Michelle and I know how to have a good time.  We talked and laughed all the way to Granada Hills.  I mentioned to my partner and husband, Ron Jiron, about driving my Honda Odyssey up the windy road to the Odyssey Restaurant.  He told me when he was a young boy he lived near that street and would ride his bike down that road!

The stage was set for a magical night.

Our daily business activity includes cell phones, crummy VOIP phones, emails, faxes and computer screens.  Heck, the front door of our business is usually locked to avoid the wandering solicitor trying to unload some bad-smelling perfume and tasteless chocolate.

NAPM-San Fernando Valley 2012 Supplier Night began with booths for suppliers to share their capabilities and refreshments in the corner of the room.  The turn out was truly inspiring.

Check out the slide show of the event by clicking here.

People prefer to do business with people they like, trust and know.  Anytime I get out of the office and attend an event of like-minded people, this fact is always reinforced.  When we started our business in 1989, we didn’t have all the technological tools. While technology is convenient, it’s the human interaction that counts.

On the surface you would think the agenda for the evening was to buy and sell products and services.  The fact is, most of the people in the room have already mastered the art of business transactions.  What I experienced was a focused effort to support the NAPM-San Fernando Valley Scholarship Program designed to assist a deserving student with education expenses.

The evening was a microcosm of everything that is great about business.  The gathering demonstrated the power of professionals being able to execute an event on behalf of the community.  Our communities always benefit when we assist in lifting up the intelligent ambitious children longing for an education.

NAPM-San Fernando Valley organized a truly successful event. It appeared to me that the dinner room was packed.

As a former board member of The Professional Women’s Roundtable , Temecula, I was involved in organizing an event that include Erin Brockovich as the key-note speaker.  Organizing and executing the event was a challenging experience.  Not everyone on the planning committee saw eye to eye.  Coordinating such an event took focus, diplomacy and sheer sweat equity.

It takes a tremendous amount of effort and volunteerism to put events together.

I tip my hat to the board and organizers of NAPM-San Fernando Valley Supplier Night 2012.

The Hottest Product Since The iPhone? Rapid Digital Manufacturing Reviewed

The coolest thing I saw (besides my customers) at the Del Mar Electronics Trade Show 2012 was the latest in local 3D printing machines.  Ironically, I got a call from my brother who displayed more excitement then I’ve ever heard from him before.  He told me that he had just signed up for the new program called Rapid Digital Manufacturing over at Saddleback College in Mission Viejo, California.  If you type in “Rapid Digital Manufacturing” into Google, the first entry in the natural search is the Saddleback College program. That my friends, is the wave of the future.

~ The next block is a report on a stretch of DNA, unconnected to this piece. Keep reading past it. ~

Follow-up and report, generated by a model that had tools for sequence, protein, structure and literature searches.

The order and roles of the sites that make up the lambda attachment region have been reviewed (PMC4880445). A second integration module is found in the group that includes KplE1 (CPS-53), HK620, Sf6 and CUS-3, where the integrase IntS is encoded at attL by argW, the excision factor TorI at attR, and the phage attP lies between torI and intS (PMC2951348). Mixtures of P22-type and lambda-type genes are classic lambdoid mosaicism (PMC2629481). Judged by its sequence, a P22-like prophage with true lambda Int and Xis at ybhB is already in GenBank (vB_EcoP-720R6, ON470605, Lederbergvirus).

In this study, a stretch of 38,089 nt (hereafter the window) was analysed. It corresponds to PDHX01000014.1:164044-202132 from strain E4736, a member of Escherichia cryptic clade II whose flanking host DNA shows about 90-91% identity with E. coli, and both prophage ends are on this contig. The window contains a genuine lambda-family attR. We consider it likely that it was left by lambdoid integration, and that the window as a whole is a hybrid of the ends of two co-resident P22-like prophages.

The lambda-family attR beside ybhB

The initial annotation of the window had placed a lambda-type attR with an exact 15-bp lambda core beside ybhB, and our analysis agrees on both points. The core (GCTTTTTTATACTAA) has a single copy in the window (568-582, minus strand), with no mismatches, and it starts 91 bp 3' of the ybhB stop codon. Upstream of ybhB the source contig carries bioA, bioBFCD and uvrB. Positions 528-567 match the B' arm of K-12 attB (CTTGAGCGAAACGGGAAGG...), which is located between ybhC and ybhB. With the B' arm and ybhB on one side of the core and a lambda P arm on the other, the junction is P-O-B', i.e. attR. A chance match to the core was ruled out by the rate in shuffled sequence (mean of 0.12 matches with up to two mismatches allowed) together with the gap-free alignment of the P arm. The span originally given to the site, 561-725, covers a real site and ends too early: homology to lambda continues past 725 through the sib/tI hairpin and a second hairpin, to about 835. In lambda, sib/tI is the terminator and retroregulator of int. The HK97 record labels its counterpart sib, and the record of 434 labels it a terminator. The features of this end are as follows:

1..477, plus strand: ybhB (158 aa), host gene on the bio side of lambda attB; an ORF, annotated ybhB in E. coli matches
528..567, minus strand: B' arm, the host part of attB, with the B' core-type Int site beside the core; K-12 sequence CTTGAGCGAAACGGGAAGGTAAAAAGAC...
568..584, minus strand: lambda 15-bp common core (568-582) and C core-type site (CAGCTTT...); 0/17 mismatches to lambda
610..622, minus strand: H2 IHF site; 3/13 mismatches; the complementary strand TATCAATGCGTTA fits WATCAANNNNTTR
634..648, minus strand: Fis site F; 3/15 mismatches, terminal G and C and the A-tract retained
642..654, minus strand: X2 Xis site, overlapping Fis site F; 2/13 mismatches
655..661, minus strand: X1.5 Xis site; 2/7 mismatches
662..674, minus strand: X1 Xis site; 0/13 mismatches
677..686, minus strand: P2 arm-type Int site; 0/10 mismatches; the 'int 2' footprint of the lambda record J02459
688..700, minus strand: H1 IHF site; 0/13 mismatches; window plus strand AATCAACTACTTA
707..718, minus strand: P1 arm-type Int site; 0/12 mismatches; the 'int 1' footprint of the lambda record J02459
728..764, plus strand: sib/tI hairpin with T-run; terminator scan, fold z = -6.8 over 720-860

My brother, who happens to be a genius in my opinion, is very astute at pointing out future trends. Despite our differing conspiracy theory conversations, he has been fairly accurate over the years. The Rapid Digital Manufacturing program is challenging from what I hear.  It requires a unique set of skills to learn the software and multiple pieces of laboratory equipment.

Here’s the most interesting aspect of all this…there are jobs waiting to be filled once a person successfully completes the certificate program.  That revelation indicates to me that the hottest product since the iPhone may end up being the 3D printer.

YouTube took content creation to the masses by providing a platform for everyone to upload their vidoes .  I have experience at this first hand as my daughter has over 17,000 subscribers on her YouTube account.

MakerBot Industries’ Replicator won the best of emerging technology award at the Consumer Electronics Show and 3D Systems’ Cube 3D printer is MakerBot’s foremost competitor in bringing user-designed objects to the masses. Right now the prices of these printers are a bit high for mass distribution but as prices come down the uses for an at home 3D printer are amazing.

To get 3D plans for the 3D printer requires either knowledge of AutoCad to create your own design or MakerBot has a community site called Thingiverse which provides access to 3D plans.

My son who is 8 years old is constantly creating props for his videos.  These props include a life size chain saw, a black “United Express” credit card and he is working on a fake cinder block.  His prop requests are rapid and often.  He stated that he wanted a real hover board shown in the movie “Back To The Future” for his birthday and he wants it to really “hover”.  He drew plans on how he was going to make the first hover board work.  I told him he needs to take a Physics class as soon as possible.  Imagine millions of budding engineers and scientists having access to 3D printers in their garages?  Truly we are looking at a future generation being able to create products almost on demand.

MakerBot’s cool 3D printer is demonstated in the video below.

Inventory Stock Checks and the Death of Common Courtesy…

Last week my sales team and I were discussing the nasty behavior from suppliers who answer the phone when we call for a stock check.
Calling vendors and sourcing product is an activity we are very good at.

The majority of our vendors are GREAT people happy to hear from us.

Then there’s the handful who act like they’re selling the last batch of gold that exists on the planet and we are lucky to have them on the phone.